Westworld: Restoring my love for cinema

For a few years, my movie-watching routine has been just that: routine. I’ll find a movie or TV show from an ongoing list of recommendations. I’ll watch it on my computer, side-by-side with a mental puzzle like sudoku. That way, I get a general sense of the film without completely turning my brain off. If I don’t like the movie, I’ll stop and watch another. If I do like it, I’ll finish it and add it to my personal catalog (yes, I have a running spreadsheet of movies I’ve watched).

If this sounds boring to you, let me assure you, it usually is. Watching a movie in a theater is a touch more interesting, but even then, I find it rare for something to really pique my interest. Every now and then I’ll find a story that makes me laugh, or cry, or that genuinely surprises me. Within my catalog, I have a much smaller list of my top movies. But those are few and far between, and discovering them is relatively mundane.

I say ‘relatively mundane’, because I’ve now seen the first season of Westworld. I can safely say that I can’t think of a movie or TV show that has utterly captivated, immersed, enthralled, and overwhelmed me in the same way. Within minutes, I closed out my sudoku and glued my eyes to the screen. At no point did I consider multi-tasking, which is a first. Even if I got a notification on my phone, I would pause the show rather than text-and-watch. I’m only taking a quick break to write this review, then it’s on to the second season.

I know I’m a few years late to the Westworld party, so this review will no doubt seem dated. But the show is phenomenal in every sense, so I want to give it every recommendation I can. I’ll do my best to break down why I think it’s such a success without getting into spoiler territory.

1) It’s an immaculate feat of world-building. Most movies and TV shows claim to be world-building, when in fact they’re merely world-detailing. Two examples come to mind: Game of Thrones and Blade Runner 2049. The level of detail, the weapons, the costumes, the sense of  being lived-in – they’re both stunning in their own right. But let’s be realistic – the texture of each of those worlds is saturated with detail, but the mechanics are commonplace. Game of Thrones is a medieval fantasy power struggle; Blade Runner 2049 is sci-fi noir. These are tried and true styles that both stories have enriched and elevated above being cliche.

Westworld is its own animal. Its closest predecessors would be The Truman Show, Jurassic Park, or even Cabin in the Woods (and of course, the original 1973 film). But it creates its own rich original world in both appearance and structure. A dual world of a robotic cowboy adult theme park, and an intricate behind-the-scenes control complex. The series uses a great deal of special effects, not just to enhance the deliberately gratuitous violence, but also to add nuance to its animatronic ‘hosts’. It’s a vast landscape that is truly new, not just a new take on an old idea.

2) It doesn’t rely on the gimmick of “is this character a human or a robot???” Rather, the show establishes early on which characters are robot and which are human, then builds the story from there. It doesn’t use ambiguity to keep you hooked for another episode – the hook is the story itself. And the well-defined characters. And the world. And most notably…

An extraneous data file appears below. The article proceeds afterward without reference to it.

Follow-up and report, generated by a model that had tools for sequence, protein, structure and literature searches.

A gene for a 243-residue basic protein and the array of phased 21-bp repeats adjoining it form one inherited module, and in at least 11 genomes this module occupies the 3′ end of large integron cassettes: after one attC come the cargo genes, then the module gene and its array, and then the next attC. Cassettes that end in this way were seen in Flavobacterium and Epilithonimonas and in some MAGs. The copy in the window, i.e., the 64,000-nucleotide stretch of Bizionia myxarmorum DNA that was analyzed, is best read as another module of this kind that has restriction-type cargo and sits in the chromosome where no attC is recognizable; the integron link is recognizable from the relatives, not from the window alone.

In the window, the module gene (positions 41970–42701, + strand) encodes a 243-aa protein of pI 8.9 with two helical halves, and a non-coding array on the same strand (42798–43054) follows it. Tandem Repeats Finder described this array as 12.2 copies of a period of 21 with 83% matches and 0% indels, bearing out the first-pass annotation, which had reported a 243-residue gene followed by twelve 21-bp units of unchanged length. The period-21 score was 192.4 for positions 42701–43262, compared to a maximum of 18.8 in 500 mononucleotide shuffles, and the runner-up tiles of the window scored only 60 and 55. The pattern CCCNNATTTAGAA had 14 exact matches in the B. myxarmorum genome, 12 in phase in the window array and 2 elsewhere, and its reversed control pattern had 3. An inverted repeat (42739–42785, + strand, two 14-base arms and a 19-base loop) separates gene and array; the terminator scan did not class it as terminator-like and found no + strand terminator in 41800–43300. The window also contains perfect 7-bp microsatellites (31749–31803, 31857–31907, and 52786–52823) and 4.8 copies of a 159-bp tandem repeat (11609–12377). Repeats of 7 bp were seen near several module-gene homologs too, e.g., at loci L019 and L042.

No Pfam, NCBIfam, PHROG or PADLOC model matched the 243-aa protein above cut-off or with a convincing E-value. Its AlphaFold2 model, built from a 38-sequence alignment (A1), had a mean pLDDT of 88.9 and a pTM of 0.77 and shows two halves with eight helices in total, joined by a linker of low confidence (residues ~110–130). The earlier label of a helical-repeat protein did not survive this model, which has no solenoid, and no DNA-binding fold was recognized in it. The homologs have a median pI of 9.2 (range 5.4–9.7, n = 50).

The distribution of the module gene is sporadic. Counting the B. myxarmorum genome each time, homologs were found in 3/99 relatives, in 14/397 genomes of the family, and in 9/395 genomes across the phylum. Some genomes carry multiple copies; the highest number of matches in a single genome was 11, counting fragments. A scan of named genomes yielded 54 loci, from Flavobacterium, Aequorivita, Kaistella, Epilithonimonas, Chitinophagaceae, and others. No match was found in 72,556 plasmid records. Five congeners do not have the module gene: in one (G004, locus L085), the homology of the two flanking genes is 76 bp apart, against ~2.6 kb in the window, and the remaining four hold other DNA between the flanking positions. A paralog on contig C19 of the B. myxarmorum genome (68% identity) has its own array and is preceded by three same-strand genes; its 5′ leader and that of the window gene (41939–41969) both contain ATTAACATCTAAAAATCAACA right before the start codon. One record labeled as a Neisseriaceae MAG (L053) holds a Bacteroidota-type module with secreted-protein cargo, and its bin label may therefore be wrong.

3) The internal logic. Because the story centers on robots, the writers take time to carefully establish the rules of the game. A lesser sci-fi would have robots acting unpredictably for dramatic effect. Westworld is just as dramatic, but there’s an explanation for everything. Every robot’s motivation is logical, programmed, and predictable, and the underlying algorithms are both intuitive and creative.

Yet for all its deliberate pacing and careful setup, I was never once bored. When the narrative slows down, there’s worldbuilding to be done. Once a new set of rules or world attributes have been established, it’s back to the story. And so it continues for all 10 episodes at a compelling, logical, and engaging pace.

4) The themes of humanity as it relates to AI are first-rate. Admittedly, there have been some excellent offerings in the last decade (again, Blade Runner 2049 is a prime example). And admittedly, Westworld can explore themes more comprehensively by virtue of having ten-hour seasons. But its analysis of what makes humans unique, what allows robots to evolve, what robots are actually thinking vs. how we program them, the social pressures that drive AI research… it doesn’t leave any stone unturned as it explores the future of robotics.

To put it another way, Westworld pulls off the extraordinary feat of being both thought-provoking and wildly entertaining. Not in a Christopher Nolan ‘this movie is smaaaaaart’ way, but in a way that makes you pause and reconsider what it truly means to have consciousness.

(As a quick aside, it’s refreshing to see the thought that went into establishing safeguards for the robots, something that most sci-fi films sacrifice for the sake of story. Westworld proves that the best stories are not those that sacrifice logic, but those that integrate it. Shocking, right?)

5) Speaking of shocking, some of the plot twists are brilliant, on the level of Arrival or The Sixth Sense. And when I say twists, I mean believably beautiful twists – not just one or two a-ha moments added for ratings. Westworld, like the theme park itself, is a web of logical stories, a maze of secrets, which in retrospect makes perfect sense. Following the narrative is like riding in a Ferrari with a Nascar driver – as intense and unexpected as it seems at times, you know you’re in good hands, and that it’s leading to an ending that’s satisfying and exhilarating.

I could go on preaching the gospel of Westworld, but it just has to be seen to be believed. Plus I really want to watch season two before my free trial expires.